I probably should have titled the last post “The Four Tensions Plus Banality” or something like it to clarify what I was getting at. In any case, to imply that the normal state of SO-SQ is a “tension” is misleading. But more importantly, the end of my last post left some things unexplained. It was holding two ideas together that some might read as mutually incompatible. The first one was my conclusion that Graham Harman’s description of time should apply to “fission,” which I understand to be the production of tension from the normal object-quality bond (SO-SQ). The other idea was that fission occurs simultaneously with the “fusion” that Harman calls space or allure (RO-SQ).
The apparent mismatch between these two ideas comes from the fact that for Harman, time is synonymous with normal perception and seemingly opposed to fission. Time is smooth and continuous, whereas space is jerky and discrete.
To really appreciate this problem, I will elaborate on it a bit more before addressing it.
Continue reading “The Five Tensions Follow-Up”
Although it’s a short book, The Quadruple Object by Graham Harman probably has more terminology than anything else he’s written. In it, he includes condensed summaries of all his major arguments about Heidegger, occasionalism, causation, correlationism, and levels of scale. Then he introduces new key details about his title theme, the “quadruple object” of real and sensual objects and qualities. As he argues, the main interest of this model is not to be found in the four individual poles but in their possible pairings. That’s ten named permutations.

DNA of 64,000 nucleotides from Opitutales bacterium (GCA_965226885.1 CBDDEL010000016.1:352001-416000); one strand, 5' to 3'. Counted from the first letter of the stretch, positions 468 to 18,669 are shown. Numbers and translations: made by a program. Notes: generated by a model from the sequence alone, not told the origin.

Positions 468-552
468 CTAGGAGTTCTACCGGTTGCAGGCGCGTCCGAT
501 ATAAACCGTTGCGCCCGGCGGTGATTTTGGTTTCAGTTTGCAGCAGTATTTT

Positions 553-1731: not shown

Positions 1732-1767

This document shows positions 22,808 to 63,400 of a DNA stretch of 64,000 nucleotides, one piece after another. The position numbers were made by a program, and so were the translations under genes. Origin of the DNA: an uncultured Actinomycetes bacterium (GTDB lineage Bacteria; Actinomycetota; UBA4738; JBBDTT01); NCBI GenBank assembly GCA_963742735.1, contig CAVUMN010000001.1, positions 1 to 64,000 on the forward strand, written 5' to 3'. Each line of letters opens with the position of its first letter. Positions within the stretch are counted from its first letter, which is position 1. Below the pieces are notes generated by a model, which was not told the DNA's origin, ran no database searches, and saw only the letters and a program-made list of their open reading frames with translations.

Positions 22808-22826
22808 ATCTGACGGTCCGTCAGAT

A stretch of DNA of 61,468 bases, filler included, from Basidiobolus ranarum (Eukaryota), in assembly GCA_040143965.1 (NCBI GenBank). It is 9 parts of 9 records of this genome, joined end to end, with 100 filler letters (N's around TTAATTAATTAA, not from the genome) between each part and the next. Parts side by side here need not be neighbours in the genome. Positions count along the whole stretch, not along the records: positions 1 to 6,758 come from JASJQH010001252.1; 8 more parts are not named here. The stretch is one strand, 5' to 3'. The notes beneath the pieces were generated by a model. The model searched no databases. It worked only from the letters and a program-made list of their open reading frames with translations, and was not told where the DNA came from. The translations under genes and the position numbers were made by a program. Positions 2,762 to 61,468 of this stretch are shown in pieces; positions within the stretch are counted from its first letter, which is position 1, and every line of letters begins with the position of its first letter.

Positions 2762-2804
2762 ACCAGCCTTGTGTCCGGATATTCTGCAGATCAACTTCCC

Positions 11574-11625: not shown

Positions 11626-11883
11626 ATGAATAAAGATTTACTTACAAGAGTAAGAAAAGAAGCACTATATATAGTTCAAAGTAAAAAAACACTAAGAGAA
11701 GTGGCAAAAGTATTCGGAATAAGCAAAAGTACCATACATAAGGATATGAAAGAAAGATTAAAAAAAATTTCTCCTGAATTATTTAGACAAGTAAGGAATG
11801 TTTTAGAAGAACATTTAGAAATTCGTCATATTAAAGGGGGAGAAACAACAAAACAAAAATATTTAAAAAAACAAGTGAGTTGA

Four of them are special: the engine of change in Harman’s cosmos. They are the object-quality pairs. He ends up distinguishing between their everyday states and special events that produce tension. That’s eight possibilities!
Or is it? I will argue there can only be five according to the picture of the quadruple object that Harman himself lays out. This will then lead me to make one major-ish claim about his concept of “time” that differs from other critiques of his time/space distinction. (A teaser: I think what he calls “simulation” in some places and “confrontation” in others is exactly what his model means by time.) Keep in mind that I am just trying to come to terms with someone else’s ideas here, and I think of my arguments in Part 2 here as the conceptual version of line editing or fan theory rather than substantive philosophical disagreement. Continue reading “The Five Tensions of Graham Harman’s Ontology”